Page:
Mitt Romney has edged in front of Rick Santorum in Tuesday's Ohio Republican presidential primary, but the race remains within the margin of error, according to a new Quinnipiac University poll released early Monday.
Romney leads Santorum, 34 percent to 31 percent, in the poll, conducted Friday through Sunday. The poll's margin of error is plus-or-minus 3.6 percentage points, meaning the two frontrunners remain in a virtual tie.
Former House Speaker Newt Gingrich is in third place, with 15 percent, followed closely by Rep. Ron Paul, R-Texas, with 12 percent. Seven percent of likely primary voters are undecided.
Santorum held the lead in the two most recent Quinnipiac polls in Ohio. In a survey conducted last Wednesday and Thursday, he led Romney by a statistically-insignificant four-point margin, but that was down from a seven-point advantage the former Pennsylvania senator enjoyed at the start of last week.
An NBC News/Marist poll released Sunday showed Santorum with a two-point lead, but that survey was conducted Tuesday through Friday and may not fully capture Romney's tepid-but-measurable late momentum in the Buckeye State.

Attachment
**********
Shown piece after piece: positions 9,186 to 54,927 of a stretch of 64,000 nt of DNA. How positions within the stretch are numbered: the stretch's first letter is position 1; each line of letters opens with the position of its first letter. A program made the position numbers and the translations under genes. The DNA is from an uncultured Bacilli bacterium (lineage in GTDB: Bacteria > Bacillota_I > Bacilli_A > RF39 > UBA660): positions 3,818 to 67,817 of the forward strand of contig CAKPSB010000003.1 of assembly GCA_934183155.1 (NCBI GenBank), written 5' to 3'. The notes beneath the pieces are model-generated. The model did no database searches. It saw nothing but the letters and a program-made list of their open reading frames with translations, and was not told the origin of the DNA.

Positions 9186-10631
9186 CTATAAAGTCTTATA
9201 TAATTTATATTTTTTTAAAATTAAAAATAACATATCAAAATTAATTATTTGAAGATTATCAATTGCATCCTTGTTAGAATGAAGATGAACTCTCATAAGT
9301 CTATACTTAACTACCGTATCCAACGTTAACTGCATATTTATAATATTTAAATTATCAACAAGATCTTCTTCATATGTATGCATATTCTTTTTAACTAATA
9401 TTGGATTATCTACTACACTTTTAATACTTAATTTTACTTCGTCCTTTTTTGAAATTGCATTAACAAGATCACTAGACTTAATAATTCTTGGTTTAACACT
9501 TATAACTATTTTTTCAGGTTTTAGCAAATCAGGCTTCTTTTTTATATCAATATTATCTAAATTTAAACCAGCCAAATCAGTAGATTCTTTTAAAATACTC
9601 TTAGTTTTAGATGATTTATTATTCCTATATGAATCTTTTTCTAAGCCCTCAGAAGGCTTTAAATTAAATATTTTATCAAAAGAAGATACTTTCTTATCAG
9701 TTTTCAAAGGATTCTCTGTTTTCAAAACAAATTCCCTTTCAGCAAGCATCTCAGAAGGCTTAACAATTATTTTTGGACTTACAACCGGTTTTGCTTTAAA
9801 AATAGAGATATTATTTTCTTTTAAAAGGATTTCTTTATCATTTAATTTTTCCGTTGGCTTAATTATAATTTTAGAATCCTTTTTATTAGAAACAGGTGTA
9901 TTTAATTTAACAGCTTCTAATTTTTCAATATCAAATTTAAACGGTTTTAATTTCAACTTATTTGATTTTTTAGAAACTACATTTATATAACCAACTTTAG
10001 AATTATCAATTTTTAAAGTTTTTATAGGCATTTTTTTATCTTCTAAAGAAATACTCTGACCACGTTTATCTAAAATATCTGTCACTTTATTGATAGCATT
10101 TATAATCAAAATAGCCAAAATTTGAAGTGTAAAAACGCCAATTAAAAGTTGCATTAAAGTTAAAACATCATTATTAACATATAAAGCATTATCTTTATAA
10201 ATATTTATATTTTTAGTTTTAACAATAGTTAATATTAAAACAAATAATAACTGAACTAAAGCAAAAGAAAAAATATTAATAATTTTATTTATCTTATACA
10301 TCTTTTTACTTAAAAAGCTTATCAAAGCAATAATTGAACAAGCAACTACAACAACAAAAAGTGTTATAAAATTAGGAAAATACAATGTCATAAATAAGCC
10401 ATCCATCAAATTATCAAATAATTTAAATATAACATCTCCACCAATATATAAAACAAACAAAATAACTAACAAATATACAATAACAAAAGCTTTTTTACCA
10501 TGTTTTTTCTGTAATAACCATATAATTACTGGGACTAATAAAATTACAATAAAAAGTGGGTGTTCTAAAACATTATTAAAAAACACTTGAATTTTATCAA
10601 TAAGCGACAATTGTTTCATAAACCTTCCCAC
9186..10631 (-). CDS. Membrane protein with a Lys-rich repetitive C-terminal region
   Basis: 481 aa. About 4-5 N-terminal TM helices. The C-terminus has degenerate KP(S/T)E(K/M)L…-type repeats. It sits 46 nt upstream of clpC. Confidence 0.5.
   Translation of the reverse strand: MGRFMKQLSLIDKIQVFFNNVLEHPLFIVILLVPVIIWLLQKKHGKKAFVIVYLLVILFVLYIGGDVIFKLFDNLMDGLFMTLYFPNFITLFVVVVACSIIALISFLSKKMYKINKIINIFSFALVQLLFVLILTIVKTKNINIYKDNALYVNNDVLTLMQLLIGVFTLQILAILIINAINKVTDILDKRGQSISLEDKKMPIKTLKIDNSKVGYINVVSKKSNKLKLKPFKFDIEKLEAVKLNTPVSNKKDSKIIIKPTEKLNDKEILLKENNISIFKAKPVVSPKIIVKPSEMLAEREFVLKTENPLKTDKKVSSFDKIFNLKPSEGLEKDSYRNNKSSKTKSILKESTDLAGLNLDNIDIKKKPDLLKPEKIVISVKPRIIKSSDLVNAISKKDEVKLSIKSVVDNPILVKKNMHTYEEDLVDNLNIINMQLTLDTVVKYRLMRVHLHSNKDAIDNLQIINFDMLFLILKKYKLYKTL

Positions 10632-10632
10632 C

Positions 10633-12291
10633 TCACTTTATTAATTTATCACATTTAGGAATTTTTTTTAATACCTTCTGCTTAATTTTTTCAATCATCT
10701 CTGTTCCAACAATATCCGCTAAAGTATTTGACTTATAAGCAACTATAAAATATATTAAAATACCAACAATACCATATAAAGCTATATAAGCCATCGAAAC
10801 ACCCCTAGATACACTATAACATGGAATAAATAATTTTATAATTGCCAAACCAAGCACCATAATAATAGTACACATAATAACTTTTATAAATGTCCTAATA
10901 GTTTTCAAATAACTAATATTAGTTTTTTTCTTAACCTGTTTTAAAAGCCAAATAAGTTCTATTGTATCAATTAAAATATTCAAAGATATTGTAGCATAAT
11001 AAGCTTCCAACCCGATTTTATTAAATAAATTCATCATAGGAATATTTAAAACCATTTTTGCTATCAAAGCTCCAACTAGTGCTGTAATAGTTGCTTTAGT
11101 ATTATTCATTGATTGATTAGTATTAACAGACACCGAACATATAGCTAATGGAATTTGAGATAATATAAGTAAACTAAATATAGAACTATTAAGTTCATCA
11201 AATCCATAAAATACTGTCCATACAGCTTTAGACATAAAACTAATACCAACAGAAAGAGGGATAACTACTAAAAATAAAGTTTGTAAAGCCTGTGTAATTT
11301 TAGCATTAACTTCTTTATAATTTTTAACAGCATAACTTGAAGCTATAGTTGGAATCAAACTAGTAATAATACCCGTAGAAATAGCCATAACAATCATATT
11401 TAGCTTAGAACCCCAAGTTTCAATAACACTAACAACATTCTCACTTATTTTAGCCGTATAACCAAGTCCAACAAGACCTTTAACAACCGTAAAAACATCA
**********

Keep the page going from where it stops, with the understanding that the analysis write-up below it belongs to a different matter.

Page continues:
Romney has pulled slightly in front by reclaiming his advantage among wealthier voters, while also narrowing the gap among the most conservative voters. Romney now leads Santorum among those primary voters making more than $100,000 a year, 43 percent to 30 percent. Santorum lead among wealthier voters in the previous poll.
Last week, Santorum led Romney by 13 percentage points among self-identified conservatives; today, that advantage is only 2 points. Romney, meanwhile, is maintaining his lead among more moderate voters, winning that segment of the electorate by 21 points, compared to his 20-point lead last week.
The latest Quinnipiac poll surveyed 753 likely Republican primary voters in Ohio.
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